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One of the reasons I keep participating on this blog is that I think it makes me more attentive. And that’s vital to me, especially as I seem to get ever busier. I’ve tried to develop a practice where I note (even if just mentally) events and ideas that might be interesting–or ways in which something just keeps presenting itself to me again and again.

The latter happened over the last week or so: over the weekend, I watched Canadian filmmaker Sarah Polley’s adaptation of the Miriam Toews’ novel, Women Talking. The film, based on real events, tells the story of an isolated Mennonite community where the women have been drugged and sexually assaulted by the colony’s men. When one man is finally identified and he, in turn, identifies the other perpetrators, the local authorities intervene and take the men to jail; the rest of the men of the colony then leave to bail them out. This is where the film begins: the women, left behind, vote to determine what should happen next: stay and forgive, stay and fight, or leave. When the larger group of women effectively tie around the options, a smaller group of women is deputized to work through the issues and decide for the group. The film chronicles the conversation this multi-generational group of women has to decide their fates.

What is striking about the film is that it is respectful of these Mennonite women and the faith that guides their lives. Given the horrific abuses that they have endured and the patriarchal religious structures and authority figures that have enabled them (and the movie makes clear continue to enable), it would have been very easy to make a movie that simply (and rightly) demolishes the abusers and their faith in one fell swoop. But the film is clear that the women themselves are deeply faithful–the women frequently quote scripture, engage in theological discussions, and sing hymns. And the solution they come to grows out of their own faith commitments in spite of the abusive version of faith under which they have been living.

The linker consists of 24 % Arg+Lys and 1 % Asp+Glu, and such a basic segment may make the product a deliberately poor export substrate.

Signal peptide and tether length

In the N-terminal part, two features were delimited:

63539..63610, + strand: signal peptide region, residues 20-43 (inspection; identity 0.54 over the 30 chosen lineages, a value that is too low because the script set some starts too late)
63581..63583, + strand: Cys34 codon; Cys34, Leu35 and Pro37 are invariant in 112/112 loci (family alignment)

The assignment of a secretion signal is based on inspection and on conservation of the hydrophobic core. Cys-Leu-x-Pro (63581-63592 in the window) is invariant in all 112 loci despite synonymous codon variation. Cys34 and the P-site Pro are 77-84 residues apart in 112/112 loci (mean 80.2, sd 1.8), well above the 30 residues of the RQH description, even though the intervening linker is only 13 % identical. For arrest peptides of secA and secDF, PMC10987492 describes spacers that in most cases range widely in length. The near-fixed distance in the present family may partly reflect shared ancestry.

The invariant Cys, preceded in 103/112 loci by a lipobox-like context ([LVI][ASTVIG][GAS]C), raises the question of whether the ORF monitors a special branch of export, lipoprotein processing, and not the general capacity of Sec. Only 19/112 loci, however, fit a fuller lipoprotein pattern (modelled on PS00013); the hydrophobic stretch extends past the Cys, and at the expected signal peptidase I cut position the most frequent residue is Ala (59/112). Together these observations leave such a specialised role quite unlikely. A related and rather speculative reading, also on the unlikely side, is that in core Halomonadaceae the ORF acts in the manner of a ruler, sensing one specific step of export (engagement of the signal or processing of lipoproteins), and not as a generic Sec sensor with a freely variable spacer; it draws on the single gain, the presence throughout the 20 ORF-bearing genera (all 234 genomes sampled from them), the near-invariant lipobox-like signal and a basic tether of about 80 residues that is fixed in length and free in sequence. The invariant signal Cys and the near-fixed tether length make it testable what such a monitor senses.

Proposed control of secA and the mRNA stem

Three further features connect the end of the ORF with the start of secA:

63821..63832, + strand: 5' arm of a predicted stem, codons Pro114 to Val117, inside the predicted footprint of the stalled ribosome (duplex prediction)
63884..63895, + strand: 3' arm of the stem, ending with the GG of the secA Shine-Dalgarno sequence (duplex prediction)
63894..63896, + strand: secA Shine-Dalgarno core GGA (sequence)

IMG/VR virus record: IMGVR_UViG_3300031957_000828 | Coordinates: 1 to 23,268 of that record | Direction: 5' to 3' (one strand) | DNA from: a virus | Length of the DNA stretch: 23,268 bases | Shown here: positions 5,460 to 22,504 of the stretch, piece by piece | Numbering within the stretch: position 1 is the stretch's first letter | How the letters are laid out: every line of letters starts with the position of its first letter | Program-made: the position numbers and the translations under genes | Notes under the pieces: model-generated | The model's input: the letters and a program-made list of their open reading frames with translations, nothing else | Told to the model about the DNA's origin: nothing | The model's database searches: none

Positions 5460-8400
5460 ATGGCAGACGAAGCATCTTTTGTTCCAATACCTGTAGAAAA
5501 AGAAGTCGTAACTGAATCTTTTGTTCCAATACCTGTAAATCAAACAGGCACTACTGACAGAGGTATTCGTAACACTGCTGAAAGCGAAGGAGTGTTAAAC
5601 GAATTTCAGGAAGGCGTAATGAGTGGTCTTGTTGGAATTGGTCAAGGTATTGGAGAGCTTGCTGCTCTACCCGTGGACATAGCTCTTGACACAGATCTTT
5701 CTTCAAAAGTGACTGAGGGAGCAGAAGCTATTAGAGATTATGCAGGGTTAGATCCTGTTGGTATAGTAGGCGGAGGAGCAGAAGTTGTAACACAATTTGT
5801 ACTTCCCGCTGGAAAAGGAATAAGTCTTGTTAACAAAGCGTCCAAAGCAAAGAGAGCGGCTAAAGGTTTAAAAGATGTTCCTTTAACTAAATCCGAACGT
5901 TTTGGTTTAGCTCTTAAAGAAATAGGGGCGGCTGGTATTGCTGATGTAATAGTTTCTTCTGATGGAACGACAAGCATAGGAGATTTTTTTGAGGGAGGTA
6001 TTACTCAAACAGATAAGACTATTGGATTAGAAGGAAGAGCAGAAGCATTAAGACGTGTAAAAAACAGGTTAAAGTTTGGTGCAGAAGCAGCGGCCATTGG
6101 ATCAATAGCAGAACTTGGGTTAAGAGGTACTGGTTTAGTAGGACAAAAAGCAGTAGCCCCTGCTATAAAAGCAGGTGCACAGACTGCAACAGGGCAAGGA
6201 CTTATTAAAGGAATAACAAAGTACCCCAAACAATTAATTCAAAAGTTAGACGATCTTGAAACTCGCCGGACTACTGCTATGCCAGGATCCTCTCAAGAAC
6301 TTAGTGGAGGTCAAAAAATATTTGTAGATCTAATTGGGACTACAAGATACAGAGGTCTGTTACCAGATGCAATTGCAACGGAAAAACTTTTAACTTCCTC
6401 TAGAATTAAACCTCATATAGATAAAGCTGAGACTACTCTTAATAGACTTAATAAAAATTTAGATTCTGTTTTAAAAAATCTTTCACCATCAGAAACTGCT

The ways the women find to envision a faith and a God who is not complicit with the toxicities in their community was echoed a powerful talk I had heard in the middle of last week. Wheaton professor and New York Times columnist Esau McCaulley chronicled the ways that white supremacy has deformed the interpretation of scripture. And then he provided hermeneutic strategies from the Black church that showed a way forward. The racism of the white church can never invalidate faith in the God of the Exodus.

And then my faculty women’s Bible study on Monday had as our text Malachi 3: 1-4. Here’s the main bit:

 But who can endure the day of his coming? Who can stand when he appears? For he will be like a refiner’s fire or a launderer’s soap. He will sit as a refiner and purifier of silver; he will purify the Levites and refine them like gold and silver. Then the Lord will have men who will bring offerings in righteousness, and the offerings of Judah and Jerusalem will be acceptable to the Lord, as in days gone by, as in former years.

In other words, the refining fire is essential to God’s work. Not just on an individual level, but so that our corporate “offerings” can be made “acceptable” (a reminder that they are not currently).

A big reason I identify as Reformed is because of the “always reforming” part: whether it’s in metaphors of fire or soap or the pruning hook, the Bible is clear that God is at work to rid of us of every flammable encumbrance (or filthy rag or unproductive branch, etc), whether that is pride in place or position, in privilege or power, in possessions or prejudice. Painful as this inevitably must be, we need to understand that it is to be expected, welcomed even. Mightn’t “feeling the burn” be an indication of God’s convicting spirit and the need for examination and repentance? We all know that there is not one era of church history that does not contain examples of corrupt complicity and deeply shameful behavior and attitudes. Our era is, of course, no different.